The Prodigal God (Keller) and Return of the Prodigal Son (Nouwen)

Tonight I’d like to offer a bit of a tangent to last night’s breathy announcement about the brand new Timothy Keller book The Prodigal God: Recovering the Hearts of the Christian Faith (Dutton; $19.95.)  I hope you saw that blog post, descibing the significance of this very important and lovely new book.  One friend asked how it might compare to the classic 1992 book by the late Catholic priest and devotional writer, Henri Nouwen, Return of the Prodigal Son: A Story of Homecoming (Image; $16.00.) It is a line of thought I almost pursued in that post, but it seemed a bit much.

Still, I can’t shake the question.  I am sure others have read Nouwen, and many have been touched by his work, including this notion of being God’s dearly beloved, perhaps gleaned from Brennan Manning’s borrowing the phrase from his friend Henri.  I wonder what others think?

I suppose we might say a few things that might be helpful at least in terms of style and impressions.  I hope you followed some of the links we offered about Keller; he is a very, very important figure and his books are important. And he is a writer we appreciate.  More, as we hinted last night, we like his work, his vision for cultural renewal, the way Redeemer witness to a wholistic and sophisticated Kingdom vision.  He is very different than Nouwen, though.

Not to oversimplify (there have been whole books written by him) Henri Nouwen was a gentle and kindly writer, a mystic, whose early stuff channeled Thomas Merton and a bit of late 60s angst for personal meaning and social revolution. Who of us who read The Wounded Healer or Out of Solitude (with its cool black and white photos) in the 70s will ever forget the way he captured the times, our deepest longings and confusions, with creative appropriation of mystical spirituality (before that phrase was used outside of monastic circles.)  As he moved from the chaplency at Yale towards international stature—America wrote that he was comparable only to Lewis in impacting popular religious publishing—he maintained his personal touch, sharing deep thoughts of his inner journey with his loyal fans, Protestant, Catholic and non-affiliated seekers.  He dared us to follow the real Jesus, described in ways that may have been one part monastic spirituality, one part counter-cultural politics (liberation theology, solidarity with the poor, faith-based nonviolence, feminism) with a splash of earnest depth psychology.  He was always gracious, renowned for his authentic care for those around him and his struggle with his own fame.  Book after book referred to his “journey” or his “cry” or the “movements towards love” or the “road to Daybreak.”  He was a man in transition, on the move.  He yearned for greater intimacy with others, experimented with various forms of intentional community, and saw the sacred eucharistic practices pointing to the realities of the unseen world: God is love, and we are to treat all others like God’s children.  He often wrote about the need for mystics to be busy, and for activists to be rooted in the love known through solitude and silence.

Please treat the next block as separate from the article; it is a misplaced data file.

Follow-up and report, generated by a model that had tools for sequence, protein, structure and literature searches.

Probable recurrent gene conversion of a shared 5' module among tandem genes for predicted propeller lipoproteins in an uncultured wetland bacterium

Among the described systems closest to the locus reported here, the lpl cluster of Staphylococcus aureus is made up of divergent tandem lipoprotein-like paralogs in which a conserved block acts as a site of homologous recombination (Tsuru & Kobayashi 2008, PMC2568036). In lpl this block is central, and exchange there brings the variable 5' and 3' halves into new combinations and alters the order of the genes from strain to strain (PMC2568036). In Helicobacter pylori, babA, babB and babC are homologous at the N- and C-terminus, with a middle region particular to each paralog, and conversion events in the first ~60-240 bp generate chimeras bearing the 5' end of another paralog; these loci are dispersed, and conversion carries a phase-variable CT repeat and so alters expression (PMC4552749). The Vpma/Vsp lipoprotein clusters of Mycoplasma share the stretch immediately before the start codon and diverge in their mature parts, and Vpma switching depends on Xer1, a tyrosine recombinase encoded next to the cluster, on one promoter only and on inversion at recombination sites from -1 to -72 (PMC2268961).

Like Merton and other true Christian mystics, he knew God as Father, spoke of his devotion to Christ, and moved out of an animated discernment of the leading of the Spirit.  His love for God lead to a humble attempt to serve the lost, make peace in the world, and speak truth to power.  Near the end of his life he was living in an intentional community of the mentally disabled, the L’Arche community in Toronto (founded by Jean Vanier.)  Henri traveled sometimes to fancy speaking engagements with his friend Adam, a developmentally disabled member of the L’Arche community and, without a hint of exploitation or drama, would invite Adam to share the stage, offering his remarks to the gathering as well.  (For many, the book Adam [Orbis; $16.00] is one of his most beautiful.)  He always kept a journal, wore his heart on his sleeve, loved and cried and thought hard about the nature of our broken Western civilization and how the simple foolishness of the gospel might be lived out as a counter-weight to the stuff that keeps us in bondage to “the house of fear” and from knowing we are loved.  

Philip Roderick , who has a lovely little book called Beloved: Henri Nouwen in Conversation (Eerdmans; $20.00) that includes a CD recording of the interviews, introduces his subject by saying that Nouwen “was a delightful admixture of vulnerability and intention, of passionate intensity and colourful exuberance.”  From what I can gather, that gets it about right.